It’s hard to go wrong with succulents. Even those with the least-green thumb would have to practice at killing such a hardy plant. Indigenous to arid climates and low-moisture ecosystems, succulents differ from many other plants in the kingdom Planta by storing lots of water in their waxy leaves, making them great low-maintenance plants to keep around the house or office.

Plants offer some unexpected benefits when allowed to inhabit the same spaces as people. Whereas humans breathe in oxygen and breathe out carbon dioxide, plants do the opposite during photosynthesis, so plants make air more breathable. Plants are also known to increase the humidity in dry homes, so homes with plants show decreased instances of dry skin and sore throats.

So what can you do in the cold winter months? Get some succulents and start up-cycling some items around your house or treasure collected from a field trip to your local thrift store. Most gardening stores should sell cactus potting mix, which will be perfect for your new plant friends. Stock on on appropriate potting soil and pebbles or stones for proper drainage, and start the planting!

One popular planter for succulents is old kitchen items in an act of upcycling, or taking something basically worthless and making it useful and beautiful again by giving it purpose. Some upcyclers take old dishware, like mugs, teacups, bowls, frying pans, or wine glasses. Others use old storage containers like old soup cans or candy tins to plant their succulents. You can leave the items as they are, paint them, decorate them with lace, or decoupage them for a personal touch.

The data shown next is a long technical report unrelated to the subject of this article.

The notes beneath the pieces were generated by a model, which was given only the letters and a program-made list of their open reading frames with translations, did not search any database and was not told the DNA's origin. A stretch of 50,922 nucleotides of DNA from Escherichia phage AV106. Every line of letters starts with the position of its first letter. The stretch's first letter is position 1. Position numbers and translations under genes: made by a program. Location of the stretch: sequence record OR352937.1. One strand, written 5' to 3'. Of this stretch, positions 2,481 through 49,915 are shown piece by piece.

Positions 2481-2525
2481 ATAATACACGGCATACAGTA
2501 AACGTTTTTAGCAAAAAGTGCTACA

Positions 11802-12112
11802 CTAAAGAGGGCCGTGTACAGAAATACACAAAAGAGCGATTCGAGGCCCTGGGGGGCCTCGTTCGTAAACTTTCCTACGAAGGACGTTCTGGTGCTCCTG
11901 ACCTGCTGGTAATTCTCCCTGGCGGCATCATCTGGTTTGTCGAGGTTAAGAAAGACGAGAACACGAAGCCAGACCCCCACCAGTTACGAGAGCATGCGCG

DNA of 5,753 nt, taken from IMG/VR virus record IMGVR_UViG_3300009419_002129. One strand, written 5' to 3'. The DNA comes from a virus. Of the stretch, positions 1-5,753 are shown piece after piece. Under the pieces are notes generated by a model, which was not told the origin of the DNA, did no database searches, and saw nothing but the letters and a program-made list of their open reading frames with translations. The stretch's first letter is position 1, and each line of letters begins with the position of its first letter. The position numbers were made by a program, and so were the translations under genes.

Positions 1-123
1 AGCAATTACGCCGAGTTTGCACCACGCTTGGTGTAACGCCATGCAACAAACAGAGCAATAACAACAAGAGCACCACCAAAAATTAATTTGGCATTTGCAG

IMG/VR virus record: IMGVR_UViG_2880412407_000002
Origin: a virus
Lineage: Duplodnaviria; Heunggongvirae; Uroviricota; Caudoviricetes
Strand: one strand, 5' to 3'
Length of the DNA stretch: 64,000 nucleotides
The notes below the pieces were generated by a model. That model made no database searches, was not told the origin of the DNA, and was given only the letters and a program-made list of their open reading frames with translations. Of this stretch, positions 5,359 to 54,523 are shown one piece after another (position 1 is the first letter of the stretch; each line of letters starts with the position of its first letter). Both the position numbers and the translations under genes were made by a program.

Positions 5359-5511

To keep with the theme of making the home more green, some choose to plant their succulents in other sorts of natural potting. You can plant succulents in hollowed out logs or corks, since succulents aren’t terribly picky about their homes. Some upcyclers have gone so far as to plant succulents in eggshells for delicate natural centerpieces.

For an all-day project, make a succulent terrarium. Find a glass fish bowl or tank, some soil, stones, sand, and maybe even some additional figurines and start assembling. Once your bowl is situated and stable in its position, start with the rocks for proper drainage, then moss for a soft barrier, then the soil, and lastly the plants themselves. 

Between the crafting and the final product of having a new inhabitant in your space, planting succulents is a fun winter activity with enough hidden benefits to make the trouble worthwhile.